Connecticut Court rejects overly broad non-compete agreement blocking employee opportunities after conclusion of employment

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Casper de Toledo BlogConnecticut employees just got a little more freedom.

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Employees of a purchased company got hired because their knowledge and skills were crucial for the buying company’s success. A three-year employment contract, which stated that the employees will be subject to an 18-month non-compete agreement if they leave, is signed. Soon after the three-year contract is up, these employees leave for a rival company. Is the non-compete enforceable?

That was the question a Connecticut court faced in a recent lawsuit. The plaintiff, Creative Dimensions, Inc., or CDI, acquired Convergence Exhibits from owners and defendants Adam Laberge and William Miller in 2005. Both companies were in the portable display industry primarily creating signs, vendor sets at trade shows, and custom exhibits. The two defendants signed a Restrictive Covenant which essentially said for that 18 months after termination, the defendants will not engage in competition with CDI at any competing business. In 2009 however, the defendants left CDI for another business in the same industry. The presiding judge, Judge Angela Robinson, struck down the Restrictive Covenant.

Five key factors are to be considered by a court in deciding whether or not to enforce restrictive covenants: 1) length of time of restriction, 2) geographical location, 3) extent to which the covenant is protecting legitimate business interests, 4) the extent to which the employee’s opportunity to pursue an occupation is restricted and 5) the extent of interference with public interest. A finding of unreasonableness of just one factor could void the agreement.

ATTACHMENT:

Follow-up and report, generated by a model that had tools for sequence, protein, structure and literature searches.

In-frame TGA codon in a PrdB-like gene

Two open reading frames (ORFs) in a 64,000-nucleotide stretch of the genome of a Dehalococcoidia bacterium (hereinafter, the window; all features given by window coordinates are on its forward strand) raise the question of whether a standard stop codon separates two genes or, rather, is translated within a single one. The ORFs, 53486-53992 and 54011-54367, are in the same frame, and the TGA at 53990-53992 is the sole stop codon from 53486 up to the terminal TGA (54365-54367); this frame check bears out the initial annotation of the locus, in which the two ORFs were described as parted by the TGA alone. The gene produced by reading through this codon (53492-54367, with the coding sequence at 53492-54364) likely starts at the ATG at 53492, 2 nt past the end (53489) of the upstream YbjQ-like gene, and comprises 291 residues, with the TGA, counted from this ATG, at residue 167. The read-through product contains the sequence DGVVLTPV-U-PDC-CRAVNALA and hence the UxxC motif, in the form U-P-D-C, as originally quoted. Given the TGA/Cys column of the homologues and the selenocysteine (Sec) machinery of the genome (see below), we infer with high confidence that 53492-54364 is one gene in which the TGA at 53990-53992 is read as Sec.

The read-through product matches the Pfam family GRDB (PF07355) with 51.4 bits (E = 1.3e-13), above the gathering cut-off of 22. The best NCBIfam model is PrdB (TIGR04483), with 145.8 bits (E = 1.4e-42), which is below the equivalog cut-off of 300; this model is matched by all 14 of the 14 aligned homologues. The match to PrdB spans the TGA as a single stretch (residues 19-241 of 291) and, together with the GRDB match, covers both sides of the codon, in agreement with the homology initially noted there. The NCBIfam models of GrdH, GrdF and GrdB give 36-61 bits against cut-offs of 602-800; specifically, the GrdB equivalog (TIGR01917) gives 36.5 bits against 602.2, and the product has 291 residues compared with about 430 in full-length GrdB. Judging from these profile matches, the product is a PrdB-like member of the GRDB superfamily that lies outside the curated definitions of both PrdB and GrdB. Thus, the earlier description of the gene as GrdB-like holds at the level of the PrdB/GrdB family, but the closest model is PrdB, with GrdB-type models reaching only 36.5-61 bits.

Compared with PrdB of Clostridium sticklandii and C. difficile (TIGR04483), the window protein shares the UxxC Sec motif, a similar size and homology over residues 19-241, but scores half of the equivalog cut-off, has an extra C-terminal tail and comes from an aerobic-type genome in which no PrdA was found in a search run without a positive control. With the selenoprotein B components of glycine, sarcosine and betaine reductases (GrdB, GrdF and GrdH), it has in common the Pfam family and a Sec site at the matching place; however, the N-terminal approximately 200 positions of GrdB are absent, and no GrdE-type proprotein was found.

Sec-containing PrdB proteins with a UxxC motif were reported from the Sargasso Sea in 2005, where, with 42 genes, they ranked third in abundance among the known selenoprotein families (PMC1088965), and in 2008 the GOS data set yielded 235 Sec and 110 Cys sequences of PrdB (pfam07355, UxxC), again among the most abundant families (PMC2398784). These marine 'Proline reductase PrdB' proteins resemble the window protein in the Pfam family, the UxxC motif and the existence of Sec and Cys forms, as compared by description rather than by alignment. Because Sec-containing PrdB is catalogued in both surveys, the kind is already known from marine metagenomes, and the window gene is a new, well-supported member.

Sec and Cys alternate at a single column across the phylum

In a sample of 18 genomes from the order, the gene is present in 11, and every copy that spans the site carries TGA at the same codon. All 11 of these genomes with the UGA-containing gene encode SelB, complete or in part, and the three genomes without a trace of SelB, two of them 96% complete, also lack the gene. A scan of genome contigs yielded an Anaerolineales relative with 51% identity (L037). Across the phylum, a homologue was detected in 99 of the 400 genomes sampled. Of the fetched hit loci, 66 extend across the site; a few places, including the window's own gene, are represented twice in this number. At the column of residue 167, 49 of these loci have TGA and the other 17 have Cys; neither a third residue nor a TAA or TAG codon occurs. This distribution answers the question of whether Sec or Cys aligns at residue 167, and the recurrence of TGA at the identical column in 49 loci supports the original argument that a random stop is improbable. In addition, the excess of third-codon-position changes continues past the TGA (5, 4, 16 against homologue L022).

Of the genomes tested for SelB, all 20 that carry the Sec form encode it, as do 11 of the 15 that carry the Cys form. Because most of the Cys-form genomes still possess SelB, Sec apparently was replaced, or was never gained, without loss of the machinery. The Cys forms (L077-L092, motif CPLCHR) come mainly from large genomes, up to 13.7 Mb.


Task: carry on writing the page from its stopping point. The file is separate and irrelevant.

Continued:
The first and second factors are usually used in lawsuits regarding a restrictive covenant, which makes Judge Robinson’s decision so atypical. She instead determined that the agreement was not proper due to the third and fourth factor of determining the restrictive covenant’s validity.

A non compete covenant must be reasonable in light of the current business practices of the company. If a company allows competion, then the non compete agreement will be viewed with disfavor. Judge Robinson found that CDI occasionally “outsourced display and design work to other individuals and to other companies, with whom it competes without requiring that they execute any Non-compete,…Agreements …thereby giving them access to designs and plans.” Thus, the company

Further, the judge found that other salespeople joined and left the company without being required to sign any form of non-competes. The fact that principals at CDI did not require other employees or competitors to sign this agreement indicates that they did not believe that restrictive covenants were necessary. In addition, CDI had no specific trade secrets that the defendants took with them to the competitor. CDI’s client information was not secret. It was readily available through CDI’s website and other public venues. Because CDI had no secrets to safeguard, the court found the protections of the non-compete agreement unnecessary and thus, unreasonable. Although they might have learned certain aspects of the business from CDI, Laberge and Miller did not possess any protected knowledge of the company as it was known to multiple competitors.

The court also found that the covenant impeded the employees’ chances of finding another occupation in the same field. “The test for reasonableness is not whether the defendants would be able to make a living in other ways, or in other occupations, but whether or not the [covenant] as drafted and applied would unfairly restrain their ’opportunity’ to pursue their occupation.” The ban against working in any area the employees were involved in at CDI, along with the restriction against working with a previous CDI client, effectively keeps the defendants out of the portable display industry all together.

So what does this mean for employees? If the non-compete looks like it is a blanket prohibition against working in the same market and your employer’s business is not highly confidential, tell your employer that the agreement may not be enforceable and refer to the facts in this article.

For further information on non-compete agreements and other employment contracts, please visit our Employment Law Page.

Posted December 13, 2014

 

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